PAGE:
Credit: Dekanalog
by Christopher Bourne Featured Film Horizon Line

Keep an Eye Out | Quentin Dupieux

March 16, 2021

Keep an Eye Out is a mere blip of a film, but for fans of Dupieux’s deadpan gonzo schtick, there are small pleasures to be found.

Electronic musician turned filmmaker Quentin Dupieux, in such films as Rubber, Wrong, Wrong Cops, and Deerskin (a particular highlight of his oeuvre), specializes in absurd scenarios that pile on their surrealism with casual, deadpan aplomb. This particular mode remains the case with Keep an Eye Out, Dupieux’s latest U.S. release (it came out abroad three years ago), a slight film in a number of ways, including its scant runtime of barely an hour, not counting its slow-crawling end credits. Still, it’s a pleasantly diverting romp, deriving considerable comic mileage from its burlesque of cop movie conventions.

The film’s puckish tone is established in its first scene: a man, clad only in a Speedo, conducts an outdoor orchestra before being chased off by police. It’s a scene that has nothing whatsoever to do with the main plot, which mostly concerns the interrogation of a man named Fugain (Grégoire Ludig) by police captain Buron (Benoît Poelvoorde) at a station that looks lifted directly from a ’70s cop film, complete with cluttered desks, dusty file cabinets, and harsh fluorescent lighting. Fugain discovered a dead body outside his apartment building and called it in to the police, but instead of being allowed to go about his business after giving a statement, he’s subjected to a lengthy interrogation by Buron, who suspects Fugain has more to do with this corpse than he’s letting on.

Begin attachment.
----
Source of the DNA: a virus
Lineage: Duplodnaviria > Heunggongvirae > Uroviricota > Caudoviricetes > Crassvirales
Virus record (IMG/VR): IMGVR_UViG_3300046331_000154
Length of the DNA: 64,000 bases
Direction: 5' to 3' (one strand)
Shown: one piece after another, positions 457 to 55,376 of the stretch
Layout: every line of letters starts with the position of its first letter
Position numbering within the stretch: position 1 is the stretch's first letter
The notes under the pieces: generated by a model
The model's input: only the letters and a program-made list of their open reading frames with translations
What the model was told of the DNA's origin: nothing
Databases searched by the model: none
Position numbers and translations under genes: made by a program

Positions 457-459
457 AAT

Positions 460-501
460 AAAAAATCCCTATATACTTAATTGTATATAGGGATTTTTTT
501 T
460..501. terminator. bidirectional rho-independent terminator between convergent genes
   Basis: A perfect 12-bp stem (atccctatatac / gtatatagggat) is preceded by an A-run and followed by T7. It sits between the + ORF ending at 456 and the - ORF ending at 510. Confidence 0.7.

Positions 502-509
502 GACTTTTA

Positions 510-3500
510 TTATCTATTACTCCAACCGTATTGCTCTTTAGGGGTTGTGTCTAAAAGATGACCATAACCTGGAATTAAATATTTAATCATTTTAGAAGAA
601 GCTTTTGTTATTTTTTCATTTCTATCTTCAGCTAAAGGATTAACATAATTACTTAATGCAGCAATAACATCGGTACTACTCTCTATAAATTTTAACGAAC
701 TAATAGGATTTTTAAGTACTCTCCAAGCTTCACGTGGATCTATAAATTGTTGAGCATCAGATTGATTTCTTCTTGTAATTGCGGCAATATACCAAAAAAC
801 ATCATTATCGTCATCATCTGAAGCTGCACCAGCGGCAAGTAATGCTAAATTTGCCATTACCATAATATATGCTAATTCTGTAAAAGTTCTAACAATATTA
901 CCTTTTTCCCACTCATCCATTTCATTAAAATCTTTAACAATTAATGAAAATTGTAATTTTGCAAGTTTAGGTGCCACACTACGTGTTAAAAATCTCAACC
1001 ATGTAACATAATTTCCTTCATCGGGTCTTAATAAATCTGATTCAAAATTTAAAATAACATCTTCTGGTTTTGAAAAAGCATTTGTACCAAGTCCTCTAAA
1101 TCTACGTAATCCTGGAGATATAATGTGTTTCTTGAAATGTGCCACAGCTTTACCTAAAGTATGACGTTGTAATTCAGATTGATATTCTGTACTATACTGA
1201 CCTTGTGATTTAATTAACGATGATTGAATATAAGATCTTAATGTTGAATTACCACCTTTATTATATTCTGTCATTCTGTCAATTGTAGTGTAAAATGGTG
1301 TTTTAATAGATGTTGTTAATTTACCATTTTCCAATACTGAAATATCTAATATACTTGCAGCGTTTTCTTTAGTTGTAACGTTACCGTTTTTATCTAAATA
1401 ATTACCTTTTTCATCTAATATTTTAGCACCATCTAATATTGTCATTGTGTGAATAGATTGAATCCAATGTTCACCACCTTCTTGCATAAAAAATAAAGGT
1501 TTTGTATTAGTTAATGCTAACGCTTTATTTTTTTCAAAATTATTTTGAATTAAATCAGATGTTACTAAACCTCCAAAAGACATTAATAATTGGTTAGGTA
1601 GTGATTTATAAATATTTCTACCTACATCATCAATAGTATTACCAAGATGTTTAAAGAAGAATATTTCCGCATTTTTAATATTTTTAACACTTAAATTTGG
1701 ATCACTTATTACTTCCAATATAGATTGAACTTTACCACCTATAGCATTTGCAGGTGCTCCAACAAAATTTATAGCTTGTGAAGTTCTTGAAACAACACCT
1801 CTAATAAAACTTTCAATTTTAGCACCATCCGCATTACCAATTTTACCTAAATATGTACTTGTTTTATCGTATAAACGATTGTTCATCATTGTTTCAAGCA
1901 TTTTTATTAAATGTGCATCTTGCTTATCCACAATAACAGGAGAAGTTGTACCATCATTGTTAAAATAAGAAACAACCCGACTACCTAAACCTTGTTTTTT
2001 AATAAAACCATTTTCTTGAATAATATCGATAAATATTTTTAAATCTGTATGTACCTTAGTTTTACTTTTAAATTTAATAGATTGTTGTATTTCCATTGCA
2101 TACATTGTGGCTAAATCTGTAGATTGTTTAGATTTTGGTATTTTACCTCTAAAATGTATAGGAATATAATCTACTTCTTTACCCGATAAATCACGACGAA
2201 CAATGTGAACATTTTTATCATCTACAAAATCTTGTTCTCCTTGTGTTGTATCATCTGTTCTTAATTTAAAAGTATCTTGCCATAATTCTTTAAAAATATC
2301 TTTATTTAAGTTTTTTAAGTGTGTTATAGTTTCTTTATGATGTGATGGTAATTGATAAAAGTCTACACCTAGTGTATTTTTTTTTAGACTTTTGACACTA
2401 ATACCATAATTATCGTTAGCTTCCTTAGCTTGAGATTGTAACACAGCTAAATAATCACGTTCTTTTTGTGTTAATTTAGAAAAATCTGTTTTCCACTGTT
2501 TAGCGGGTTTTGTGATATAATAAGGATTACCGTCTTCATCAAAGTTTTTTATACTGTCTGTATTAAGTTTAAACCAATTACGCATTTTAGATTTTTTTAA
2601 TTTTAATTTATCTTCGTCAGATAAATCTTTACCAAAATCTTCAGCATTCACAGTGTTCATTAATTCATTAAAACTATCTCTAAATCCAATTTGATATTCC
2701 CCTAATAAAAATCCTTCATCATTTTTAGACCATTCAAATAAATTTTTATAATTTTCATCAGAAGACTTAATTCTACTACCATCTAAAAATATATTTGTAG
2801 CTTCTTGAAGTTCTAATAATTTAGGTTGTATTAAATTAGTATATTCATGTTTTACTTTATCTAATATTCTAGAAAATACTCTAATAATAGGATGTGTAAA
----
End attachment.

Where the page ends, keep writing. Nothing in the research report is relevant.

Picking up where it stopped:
Dupieux’s signature is mostly found in Keep an Eye Out‘s flashback sequences— dramatizing Fugain’s recollections of the events surrounding his discovery — which are the source of much of the film’s comic surrealism. Buron and some of the other characters populating the police station insert themselves into these memories, questioning Fugain about future events. One of these characters is another cop (Marc Fraize) who’s referenced in the film’s punny English title, a police officer with only one eye who is asked by Buron to keep that single orb fixed on Fugain whenever Buron has to leave the station for awhile. Soon enough, there’ll be another dead body, more wacky characters, more tweaking of policier tropes. To paraphrase Casablanca, none of this really amounts to a hill of beans, but there are plenty worse and less pleasurable ways to while away 70-odd minutes.